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Photo credit: The Guardian

Responsive web design is becoming less of a trend and more of a best practice. And designers have come up with clever ways to get around any speed issues.

There’s no doubt that responsive design is highly useful and versatile, but it also should be lightning fast in order to deliver a great UX.

6. Flat Isn’t Going Away Anytime Soon

Flat design has been around for a while and is compatible with other trends such as minimalism, responsive web design and Material Design.

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Photo credit: Beoplay via awwwards

Going forward, it’s likely that we’ll see the following further trends in flat design come to the forefront.

  • Long shadows. These bring more depth to flat designs.
  • Vibrant color schemes. Popular UI frameworks and templates have prompted many to begin using more vibrant colors in their designs.
  • Simple typography. Simple typefaces help to ensure that text remains legible and readable in flat design.
  • Ghost buttons. These allow for functionality without distracting from the UX and are often represented as outlined, clickable links that change when the user hovers over them.
  • Minimalism. Looks to cut down on the number of elements in order to create a fresh, uncluttered UI.

Additional Advice on Web Design Trends

Don’t follow trends just because they’re the “hip” thing to do at the moment. Trends represent popular techniques for good reason, but make sure it’s best for your users. For example, an e-commerce site certainly wouldn’t do well as a single-page infinite scrolling site.

Trends are nothing more than additional tools in your designer toolbox. Always pick the right ones for the job.

For more advice on the 10 most important web design trends, check out the free e-book Web Design Trends 2015 and 2016. You’ll learn from the best with analysis of 166 examples from companies like Google, Apple, Reebok, BMW, Intercom, Adidas, Dropbox, and many more.

Jerry Cao

By Jerry Cao

Jerry Cao is a UX content strategist at UXPin — the wireframing and prototyping app. For visual case studies of effective use of white space in web design, check out the free e-book The Zen of White Space in Web UI Design. 23 examples are analyzed from some of today’s hottest companies including Apple, Square, Lever, Wunderlist, and more.

 

Original Article Link: AWWWARDS

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2016 Logo Design Trends Forecast

This article has been contributed by Chandra.

The art and science of logo design is continuously changing as businesses can now engage consumers in an increasing number of digital channels. The frequency of engagement is increasing at a rapid rate, while the quality of engagement has become more inclusive, more personal.

2016 Logo Design Trends

Considering everything else that is happening, the way in which business logos are designed is changing as well. The “rules” that worked before the turn of the century no longer count today. In fact, what has held true for the last five years no longer has the same authority. The art and science of logo design is changing as fast as the “opportunity to engage consumers” grows.  And again, this “opportunity,” is changing as fast as technology develops.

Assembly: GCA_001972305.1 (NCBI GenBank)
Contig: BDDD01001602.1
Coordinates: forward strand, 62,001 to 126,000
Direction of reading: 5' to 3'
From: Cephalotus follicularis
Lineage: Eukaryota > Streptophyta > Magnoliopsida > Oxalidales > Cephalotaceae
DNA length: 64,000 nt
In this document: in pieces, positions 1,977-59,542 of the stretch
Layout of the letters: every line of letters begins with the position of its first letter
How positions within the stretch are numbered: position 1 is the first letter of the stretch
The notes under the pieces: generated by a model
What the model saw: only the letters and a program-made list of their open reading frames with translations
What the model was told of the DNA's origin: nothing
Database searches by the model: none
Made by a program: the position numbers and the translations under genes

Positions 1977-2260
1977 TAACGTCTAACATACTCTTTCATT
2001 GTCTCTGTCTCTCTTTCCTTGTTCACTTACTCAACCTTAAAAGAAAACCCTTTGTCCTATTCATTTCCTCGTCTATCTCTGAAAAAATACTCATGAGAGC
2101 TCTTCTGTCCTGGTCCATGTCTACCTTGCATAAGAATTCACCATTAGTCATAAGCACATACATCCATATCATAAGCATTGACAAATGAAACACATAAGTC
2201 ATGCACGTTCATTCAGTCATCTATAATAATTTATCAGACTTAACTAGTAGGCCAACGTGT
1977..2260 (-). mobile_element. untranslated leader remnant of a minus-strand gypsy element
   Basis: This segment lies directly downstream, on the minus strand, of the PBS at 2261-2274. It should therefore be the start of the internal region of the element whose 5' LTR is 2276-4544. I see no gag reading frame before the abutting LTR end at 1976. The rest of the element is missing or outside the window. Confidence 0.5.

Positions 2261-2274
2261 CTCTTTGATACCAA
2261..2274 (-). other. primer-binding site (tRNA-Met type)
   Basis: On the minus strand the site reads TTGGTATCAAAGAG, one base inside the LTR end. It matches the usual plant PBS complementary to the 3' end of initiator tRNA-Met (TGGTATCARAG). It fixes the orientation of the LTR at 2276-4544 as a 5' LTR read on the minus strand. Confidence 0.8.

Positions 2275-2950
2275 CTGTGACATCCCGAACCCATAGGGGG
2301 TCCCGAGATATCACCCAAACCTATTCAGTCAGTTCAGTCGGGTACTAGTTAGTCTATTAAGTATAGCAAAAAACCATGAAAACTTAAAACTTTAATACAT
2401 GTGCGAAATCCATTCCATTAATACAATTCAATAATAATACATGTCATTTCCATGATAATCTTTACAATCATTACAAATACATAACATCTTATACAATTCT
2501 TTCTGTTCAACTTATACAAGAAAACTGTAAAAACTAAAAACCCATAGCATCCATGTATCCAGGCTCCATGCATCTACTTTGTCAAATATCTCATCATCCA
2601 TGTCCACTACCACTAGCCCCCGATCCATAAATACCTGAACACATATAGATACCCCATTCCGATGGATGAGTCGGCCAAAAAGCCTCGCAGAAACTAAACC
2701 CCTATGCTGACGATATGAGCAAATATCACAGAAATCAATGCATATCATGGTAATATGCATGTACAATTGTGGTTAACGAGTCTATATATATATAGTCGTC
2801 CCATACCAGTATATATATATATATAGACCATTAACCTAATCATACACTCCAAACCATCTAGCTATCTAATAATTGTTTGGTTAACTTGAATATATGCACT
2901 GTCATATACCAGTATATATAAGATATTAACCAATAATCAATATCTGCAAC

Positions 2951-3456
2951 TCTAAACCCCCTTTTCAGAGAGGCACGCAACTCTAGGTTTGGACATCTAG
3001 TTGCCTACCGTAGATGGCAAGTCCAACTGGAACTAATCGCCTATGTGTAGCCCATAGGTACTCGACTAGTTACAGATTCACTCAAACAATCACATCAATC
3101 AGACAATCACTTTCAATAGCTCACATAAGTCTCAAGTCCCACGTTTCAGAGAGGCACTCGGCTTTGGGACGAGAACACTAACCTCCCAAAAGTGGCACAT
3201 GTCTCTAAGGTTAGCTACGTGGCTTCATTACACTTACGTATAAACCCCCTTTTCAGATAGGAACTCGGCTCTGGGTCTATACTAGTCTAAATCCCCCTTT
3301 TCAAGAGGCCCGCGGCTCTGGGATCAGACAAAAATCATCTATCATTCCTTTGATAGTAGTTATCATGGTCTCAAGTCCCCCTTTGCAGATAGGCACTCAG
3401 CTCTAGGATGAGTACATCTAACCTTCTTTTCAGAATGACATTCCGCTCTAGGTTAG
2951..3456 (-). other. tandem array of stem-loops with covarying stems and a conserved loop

Fortunately, there are many people who have dedicated themselves to closely studying these changes, establishing patterns and forecasting trends in logo design. Bill Gardner of theLogoLounge (read the interview here) remains one of the most credible sources for such forecasts. His observant eye and attention to detail, as well as his innate “radar” to detect design approaches fast becoming “trends”, is what sets him apart from the other forecasters.

So what will logo design be like in coming months, or in the near future? Here are six logo design trends that are forecast to strong in 2016.

2016 Logo Design Forecast 1: Flat

Famous Flat Logos

Flat designs will continue to dominate and not because they look clean and forthright, but because they register well in any browsing device, especially due to SVG. They load a lot faster too. Patterns, textures, shadows, gradients will give way to simpler lines and colours. These register better in print or online, in black, grey or colour, and on any browsing device. Companies will lessen or simplify their design elements making them easily identifiable, almost iconic.

2016 Logo Design Forecast 2: Handmade

Handmade logos speak of honesty. They somehow convey an effort to be intimate or personal. This trend has been slowly gaining ground for several years now. It is not something new. A small sketch of an arrow, or one or two scribbled letters prominently combined with some other design elements have been evident in a growing number of company logos. Some look like “hybrids.” They’re the ones that don’t look “truly” handmade but they don’t feel digital either. Such designs suggest the idea of being handmade and yes, they also do seem to register the same charm, though not on the same level.

Handmade Logos

Handmade elements and font sets, or a suggestion of such, will be more evident in logo design as the year progresses. Bespoke font sets will be a valuable design asset.

It is important to emphasize that typography is no longer just the style of text you add to the design to spell out something. It is, and will always be, a great contributor to communicating the brand’s personality.